London Scottish 23
BRITISH & IRISH CUP
STUART CAMERON reports from Netherdale
THE look on the face of Gala head coach George Graham at the end of this historic first match for the Maroons in the British & Irish Cup said it all.
The little man with the big heart had promised his squad that their reward for winning a place in the competition would be a guarantee that it would be them who would be selected for this clash against London Scottish, rather than bringing in professionals to bolster the team.
He was true to his word. The only pro on view was James King – already part of the Gala set-up.this season.
It was a decision he would not regret. The step-up in standard against one of the big teams in the English Championship was a real test for the boys, but a challenge they embraced and they matched London Scottish in all areas, thoroughly deserving their win.
In the three previous meetings between the clubs over seven decades, it was 2-1 to Gala.
Any thoughts that the Netherdale outfit would give their opponents, who included internationals Phil Godman and Sam Twomey, too much respect was blown out of the water as they raced to a 10-0 lead inside 10 minutes, thanks to a Lee Millar penalty and a well-taken try by Grant Somerville, converted by Millar.
There is a tremendous amount of talent at the Richmond-based club and their backline, including centres PJ Gidlow and Dave McCall, caused problems. Full back James Love tapped over a penalty for the visitors before the try of the day. Gidlow blasted through a gap from inside his own half, slipped the ball to flying winger Miles Mantella and he sprinted in.
Love missed the conversion, but Scottish were having a good spell and Gala found it difficult to stop their pack. Chris Weir committed one too many professional fouls and was sent to the bin, and while Gala were down to 14, Scottish drove over for two ugly, but effective, forwards tries from Willie Lipp and Colin Quigley, the latter converted by Love.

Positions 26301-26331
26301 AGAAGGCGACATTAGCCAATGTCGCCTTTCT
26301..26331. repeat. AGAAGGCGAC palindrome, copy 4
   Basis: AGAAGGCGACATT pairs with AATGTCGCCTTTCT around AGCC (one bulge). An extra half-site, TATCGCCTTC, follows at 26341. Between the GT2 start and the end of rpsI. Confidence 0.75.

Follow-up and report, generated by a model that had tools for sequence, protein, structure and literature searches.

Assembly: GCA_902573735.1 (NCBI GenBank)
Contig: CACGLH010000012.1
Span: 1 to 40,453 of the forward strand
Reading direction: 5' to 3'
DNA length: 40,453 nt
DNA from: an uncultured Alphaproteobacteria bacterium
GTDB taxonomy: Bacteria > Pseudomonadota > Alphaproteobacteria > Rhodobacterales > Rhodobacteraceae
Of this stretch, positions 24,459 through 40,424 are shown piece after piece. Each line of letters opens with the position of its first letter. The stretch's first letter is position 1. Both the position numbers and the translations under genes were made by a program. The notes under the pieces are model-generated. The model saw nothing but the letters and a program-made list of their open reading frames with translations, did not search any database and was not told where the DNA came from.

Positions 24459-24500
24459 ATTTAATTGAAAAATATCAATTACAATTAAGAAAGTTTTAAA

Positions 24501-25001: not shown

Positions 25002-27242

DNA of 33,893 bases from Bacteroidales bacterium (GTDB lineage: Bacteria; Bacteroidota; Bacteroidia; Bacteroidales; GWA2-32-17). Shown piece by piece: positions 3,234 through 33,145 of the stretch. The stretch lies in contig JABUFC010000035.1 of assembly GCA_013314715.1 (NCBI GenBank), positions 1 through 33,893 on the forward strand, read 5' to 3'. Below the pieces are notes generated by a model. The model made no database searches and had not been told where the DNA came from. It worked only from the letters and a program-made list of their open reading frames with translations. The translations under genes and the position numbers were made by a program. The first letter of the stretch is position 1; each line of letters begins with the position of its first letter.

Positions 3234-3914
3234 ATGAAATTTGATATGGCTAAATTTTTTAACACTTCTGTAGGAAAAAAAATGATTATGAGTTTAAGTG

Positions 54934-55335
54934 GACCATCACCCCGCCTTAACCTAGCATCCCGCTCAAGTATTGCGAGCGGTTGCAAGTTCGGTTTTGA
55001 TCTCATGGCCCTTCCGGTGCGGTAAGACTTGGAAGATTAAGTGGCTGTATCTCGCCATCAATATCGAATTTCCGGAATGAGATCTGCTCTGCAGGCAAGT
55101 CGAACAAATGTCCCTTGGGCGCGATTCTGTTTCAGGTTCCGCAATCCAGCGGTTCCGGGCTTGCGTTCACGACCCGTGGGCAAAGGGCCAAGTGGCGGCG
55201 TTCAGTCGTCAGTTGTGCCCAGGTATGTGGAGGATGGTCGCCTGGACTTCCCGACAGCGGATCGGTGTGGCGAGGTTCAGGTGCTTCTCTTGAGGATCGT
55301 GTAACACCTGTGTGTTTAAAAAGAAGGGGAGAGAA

The traditional George Graham team talk at the interval helped turn things round. Gala tore into Scottish and Opeta Palepoi burrowed over for a touchdown in the left corner, soon to be followed by another score in a similar place, this time Craig Robertson ripping the ball clear of a maul to get his team’s third try. Millar converted both from the touchline.
With the lead restored confidence grew, but a Love penalty reduced the deficit to one point.
It was a rollercoaster of a match, but Gala dug deep. Millar dropped a goal to extend the advantage to 27-23, knowing that if the visitors were to win they would need a try.
The five minutes of injury time was agonising for everyone. Scottish were camped on the Gala try line, poised to break hearts, but the Maroons simply would not allow this match to get away. They defended like demons and it paid off. It was a fantastic effort from the entire squad who went absolutely mental when the final whistle blew.
“This was up there with winning the cup final win at Murrayfield,” said George Graham after the match. “I thought the character and the determination of the boys was absolutely fantastic. I put it to them last week that when they came off the field at the end of this game they should ask themselves where they stand in the grand scheme of things. They’ve answered me emphatically.”
You can enjoy the match highlights on Borders Rugby TV at www.BordersRugby.net
Gala: A. McLean; G. Somerville, C. Auld, J. King, C. Robertson; L. Millar, G. Graham; L. Pettie, C. MacKintosh, E. McQuillin, C. Weir, O. Palepoi (c), G. Graham, S. Cairns, E. Dods. Subs: R. Anderson, C. Keddie, C. Dods, B. Turner, G. Young, K. Mein, D. Owenson.